Generally, the Secretary adopted under OSHA only 'established Federal standards in effect on April 28, 1971.' 36 Fed.Reg. 10468--69; 29 C.F.R. § 1910.11(a) (emphasis supplied). More specifically, with respect to the construction industry, he adopted '(t)he standards prescribed by Part (1926) of this title.' 36 Fed.Reg. 10469 (emphasis supplied); see present 29 C.F.R. § 1910.12(a). Since 29 C.F.R. § 1926.1050, the section containing the CSA effective date, is not a 'standard' or an 'established Federal standard,' it is clear that that section was not adopted by the Secretary under OSHA.
Moreover, in addition to this plain and unambiguous incorporation of only 'established Federal standards' and the 'standards' contained in Part 1926, the OSHA regulations promulgated on May 29, 1971 contained their own preamble and effective dates, further indicating the Secretary's intention that the incorporated CSA standards did not carry their effective dates with them when incorporated into OSHA. In the preamble to the publication of the OSHA regulations, 36 Fed.Reg. 10466, the Secretary stated that:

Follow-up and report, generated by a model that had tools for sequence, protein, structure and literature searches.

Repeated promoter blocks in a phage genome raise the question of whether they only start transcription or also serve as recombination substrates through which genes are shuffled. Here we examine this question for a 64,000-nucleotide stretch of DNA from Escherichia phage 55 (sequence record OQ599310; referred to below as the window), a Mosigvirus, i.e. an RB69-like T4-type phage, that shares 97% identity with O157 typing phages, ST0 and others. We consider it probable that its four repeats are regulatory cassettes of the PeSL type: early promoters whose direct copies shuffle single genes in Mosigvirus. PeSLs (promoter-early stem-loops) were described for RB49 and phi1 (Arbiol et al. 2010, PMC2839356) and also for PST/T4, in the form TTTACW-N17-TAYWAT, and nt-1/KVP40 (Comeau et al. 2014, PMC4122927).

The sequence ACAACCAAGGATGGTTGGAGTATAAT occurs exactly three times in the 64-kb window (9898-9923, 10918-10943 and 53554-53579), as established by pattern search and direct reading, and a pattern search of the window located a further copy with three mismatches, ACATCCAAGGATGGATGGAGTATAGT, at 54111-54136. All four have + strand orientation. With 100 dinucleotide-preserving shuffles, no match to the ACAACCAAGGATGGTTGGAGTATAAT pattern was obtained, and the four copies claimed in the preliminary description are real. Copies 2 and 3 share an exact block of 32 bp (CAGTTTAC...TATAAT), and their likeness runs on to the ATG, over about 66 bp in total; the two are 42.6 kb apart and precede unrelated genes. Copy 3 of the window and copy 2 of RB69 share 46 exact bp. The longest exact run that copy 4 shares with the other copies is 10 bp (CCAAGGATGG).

'The effective date of the established Federal standards is . . . delayed for 90 days (from May 29, 1971), but only for employers and employments not subject to any of the statutes (including CSA) listed in the preceding paragraph. The purpose of the delay is to insure that affected employers and employees would be informed of the existence of the standards and of their terms, and to give such employers and employees an opportunity to familiarize themselves with the requirements of the standards before their application.
'However, for established Federal standards which correspond to occupational safety and health standards (1) promulgated under any of the statutes (including CSA) listed in the preceding paragraph and (2) applicable to any employer and any employment by virtue of any of such statutes, no delay in effective date is provided with respect to such employer and employment. In the case of employers and employments subject to standards issued under such statutes, familiarity already exists.
'An additional delay in effective date until February 15, 1972, is provided and codified in the new Part 1910 in sections within Subparts G, H, I, L, N, O, P, R, and S in situations where additional time is considered necessary to adjust to the new standards.'